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Endometriosis

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Endometriosis
Endometriosis - Symptoms and causes
By Research Staff
Endometriosis

The presence of tissue that normally grows inside the uterus (womb) in an abnormal anatomical location. Endometriosis is very common and may not produce symptoms, or it may lead to painful menstruation. It has also been associated with infertility. Endometriosis occurs most commonly within the Fallopian tubes and on the outside of the tubes and ovaries, the outer surface of the uterus and intestines, and anywhere on the surface of the pelvic cavity. It can also be found, less often, on the surface of the liver, in old surgery scars or, very rarely, in the lung or brain.

Endometriosis occurs in the reproductive years. The average age at diagnosis is 25-30.Endometriosis may be suspected by during a physical examination; it is confirmed by surgery, usually laparoscopy; available treatments include medication for pain, hormone therapy, and surgery.

Tiredness-- Tiredness or lack of energy, especially around the time of the period
Mood changes-- Anxiety and depression due to ongoing pain

Reduced quality of lifelife Taking days off work, study or school because of an inability to function normally
 Vagina
Pelvic floor muscle spasm or tightening occuring because of fear of pain previously experienced with intercourse or tampon use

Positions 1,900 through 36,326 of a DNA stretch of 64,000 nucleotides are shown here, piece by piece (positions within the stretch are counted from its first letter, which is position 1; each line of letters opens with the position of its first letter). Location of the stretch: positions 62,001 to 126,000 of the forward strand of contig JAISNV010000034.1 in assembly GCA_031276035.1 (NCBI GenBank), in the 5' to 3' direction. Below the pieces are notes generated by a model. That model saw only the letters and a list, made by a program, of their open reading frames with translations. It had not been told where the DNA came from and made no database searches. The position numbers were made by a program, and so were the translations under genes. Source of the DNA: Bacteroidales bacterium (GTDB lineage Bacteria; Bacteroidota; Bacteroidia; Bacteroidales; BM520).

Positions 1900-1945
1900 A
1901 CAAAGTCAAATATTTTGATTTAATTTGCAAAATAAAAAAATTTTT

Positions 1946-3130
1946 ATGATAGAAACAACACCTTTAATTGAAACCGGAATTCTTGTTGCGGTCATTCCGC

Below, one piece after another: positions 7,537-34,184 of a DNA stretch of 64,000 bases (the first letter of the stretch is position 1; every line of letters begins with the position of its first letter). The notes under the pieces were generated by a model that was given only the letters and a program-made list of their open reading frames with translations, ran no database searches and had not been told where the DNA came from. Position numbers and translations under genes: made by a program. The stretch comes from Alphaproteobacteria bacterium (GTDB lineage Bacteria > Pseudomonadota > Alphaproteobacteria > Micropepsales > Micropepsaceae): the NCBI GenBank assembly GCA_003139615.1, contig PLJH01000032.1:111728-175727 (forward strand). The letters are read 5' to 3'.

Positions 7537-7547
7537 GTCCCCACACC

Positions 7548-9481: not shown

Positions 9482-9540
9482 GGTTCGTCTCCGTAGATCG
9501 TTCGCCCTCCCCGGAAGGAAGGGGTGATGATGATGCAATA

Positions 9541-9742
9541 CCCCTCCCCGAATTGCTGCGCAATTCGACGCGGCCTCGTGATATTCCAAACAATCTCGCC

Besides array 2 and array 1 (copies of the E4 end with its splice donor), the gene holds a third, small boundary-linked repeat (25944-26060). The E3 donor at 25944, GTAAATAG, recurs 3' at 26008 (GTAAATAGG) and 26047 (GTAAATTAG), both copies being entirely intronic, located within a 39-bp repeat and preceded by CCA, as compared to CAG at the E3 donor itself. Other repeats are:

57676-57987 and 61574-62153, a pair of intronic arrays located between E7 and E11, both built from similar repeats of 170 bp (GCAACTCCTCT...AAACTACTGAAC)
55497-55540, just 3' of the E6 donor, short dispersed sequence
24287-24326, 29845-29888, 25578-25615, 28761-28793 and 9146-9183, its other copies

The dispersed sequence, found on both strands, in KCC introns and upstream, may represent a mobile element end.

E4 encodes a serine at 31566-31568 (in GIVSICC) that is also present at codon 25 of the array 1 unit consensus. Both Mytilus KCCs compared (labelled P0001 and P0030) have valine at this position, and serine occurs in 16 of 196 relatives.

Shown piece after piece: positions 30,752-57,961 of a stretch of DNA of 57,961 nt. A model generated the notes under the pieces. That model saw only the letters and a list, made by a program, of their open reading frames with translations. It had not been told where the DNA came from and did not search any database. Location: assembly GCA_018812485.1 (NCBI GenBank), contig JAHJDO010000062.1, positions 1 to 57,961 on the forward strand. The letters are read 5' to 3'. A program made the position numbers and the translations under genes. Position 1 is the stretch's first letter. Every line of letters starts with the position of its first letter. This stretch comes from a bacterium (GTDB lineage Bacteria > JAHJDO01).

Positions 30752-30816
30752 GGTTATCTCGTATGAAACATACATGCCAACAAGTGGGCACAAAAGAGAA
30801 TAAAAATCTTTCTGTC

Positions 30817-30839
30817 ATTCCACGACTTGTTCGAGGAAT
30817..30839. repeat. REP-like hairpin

Retrograde menstruation.
In retrograde menstruation, menstrual blood containing endometrial cells flows back through the fallopian tubes and into the pelvic cavity instead of out of the body. These displaced endometrial cells stick to the pelvic walls and surfaces of pelvic organs, where they grow and continue to thicken and bleed over the course of each menstrual cycle.
Transformation of peritoneal cells.
 In what's known as the "induction theory," experts propose that hormones or immune factors promote transformation of peritoneal cells — cells that line the inner side of your abdomen — into endometrial cells.
Embryonic cell transformation.
 Hormones such as estrogen may transform embryonic cells — cells in the earliest stages of development — into endometrial cell implants during puberty.
Surgical scar implantation.
After a surgery, such as a hysterectomy or C-section, endometrial cells may attach to a surgical incision.
Endometrial cells transport.
 The blood vessels or tissue fluid (lymphatic) system may transport endometrial cells to other parts of the body.
Immune system disorder.
 It's possible that a problem with the immune system may make the body unable to recognize and destroy endometrial tissue that's growing outside the uterus.
 https://www.medicinenet.com/script/main/art.asp?articlekey=3240
 https://jeanhailes.org.au/health-a-z/endometriosis/symptoms-causes
 https://www.mayoclinic.org/diseases-conditions/endometriosis/symptoms-causes/syc-20354656
Endometriosis

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